South America is often not a region you readily think of when you think of gin; however, the craft and local-inspired gin movement is truly global at this point. Peru has become an exciting place for the intersection of local botanicals and gin culture— take for example London to Lima Gin and Gin’ca Peruvian Dry Gin.
Gin’ca Peruvian Dry Gin starts from a base spirit distilled from Peru-grown sugar cane, which is something we’re seeing quite a bit from countries whose distilling traditions are steeped in Rum. Take for example San Miguel from the Philippines, Wray and Nephew from Jamaica or the Dictador series of gins from Columbia: they all begin with cane, which albeit less traditional from a historical and European gin viewpoint, these gins forge new traditions.
This Peruvian Gin description reminds me of the way some of the Australian gins describe their unique botanical selections, rife with endemic, exotic flora that w’ere unfamiliar with. The pink-colored molle/Schinus Molle is probably better known as Pink Peppercorn to spice shoppers, and it is native to the Andes mountains in Peru.
The only thing which is not local in Gin’ca is the juniper. Juniper’s range is circumboreal in the Northern Hemisphere with very few species having any Southern Hemisphere presence; therefore, large local sources don’t exist [Gin’ca’s juniper is sourced from Macedonia] But other than that, this Peruvian Gin is Peruvian in construction, distilled at the Inca Distillery in Lima Peru in a copper pot still. Some of the botanicals are macerated for a day before distillation, and the others are imparted through a basket.
Slight hint of cane spirit and a lot of sweet citrus. Notes of sweet lime and orange, with a touch of sweetness. Almost suggestive of candy. There’s a fresh green note in the background imparting a slight herbal character. Not much juniper though.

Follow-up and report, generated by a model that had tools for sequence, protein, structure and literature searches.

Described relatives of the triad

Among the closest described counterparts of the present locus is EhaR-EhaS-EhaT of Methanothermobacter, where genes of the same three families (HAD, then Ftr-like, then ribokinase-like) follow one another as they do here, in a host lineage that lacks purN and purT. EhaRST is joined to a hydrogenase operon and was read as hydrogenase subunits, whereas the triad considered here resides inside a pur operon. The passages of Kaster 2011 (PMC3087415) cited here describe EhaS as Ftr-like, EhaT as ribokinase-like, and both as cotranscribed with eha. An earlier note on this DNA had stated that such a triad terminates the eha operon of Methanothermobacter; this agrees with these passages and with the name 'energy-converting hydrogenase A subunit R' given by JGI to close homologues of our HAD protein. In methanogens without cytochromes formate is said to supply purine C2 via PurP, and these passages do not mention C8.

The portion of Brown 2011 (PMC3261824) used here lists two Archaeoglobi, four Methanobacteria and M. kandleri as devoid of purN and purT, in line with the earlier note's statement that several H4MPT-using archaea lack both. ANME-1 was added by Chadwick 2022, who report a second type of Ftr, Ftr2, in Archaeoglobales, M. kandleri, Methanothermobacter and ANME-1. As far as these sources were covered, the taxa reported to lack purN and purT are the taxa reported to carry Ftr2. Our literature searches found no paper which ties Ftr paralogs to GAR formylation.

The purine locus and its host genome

The palate is complex and exotic in a really bright herbal fashion. Starting at the beginning, there’s crisp juniper notes and herbal flourishes. Lemon verbena notes turn into more literal lemon zest, hints of Pineapple sage and other leafy, aromatic greens. Peppercorn in the background. I get some suggestive hints of black pepper and cubeb, but other than a slight menthol coolness, less so of the very distinctive flavor of pink peppercorn.
The finish is heavy on the citrus again, with that sweet lime/orange note coming through. Rather short and clean finish, with very little heat.
I think that Gin’ca Peruvian Dry Gin is absolutely top notch in a Martini, where you can really appreciate the complexity and balance of the flavors here. It was a bit too subtle for a lot of heavier mixing. The Gin and Tonic was a bit sweet, and some of the citrus comes through in the Aviation; but I really enjoyed this best on its own as a sipping gin. I preferred it simply. Just on its own.
Other who are fans of gins like New Amsterdam or other very contemporary citrus forward gins that are light on the juniper, I think fill find a lot to like with Gin’ca Peruvian Dry Gin. When I think of what New Amsterdam (for example) tries to do, this is an example of a gin which does that and does it really well.
Hardcore juniper fans will find it a bit light in that facet; however, it is definitely here. Very easy to sip and a good choice for spirit-heavy gin cocktails. I quite like it, and strongly recommend it as a gateway gin for introducing new people to the category; unfortunately it’s relative inaccessibility might limit its potential, at least for European/North American audiences.
Recommended, particularly to people new to gin
*Special thanks to David T. Smith, who was able to hook me up with a small sample of this intriguing gin. Thanks buddy!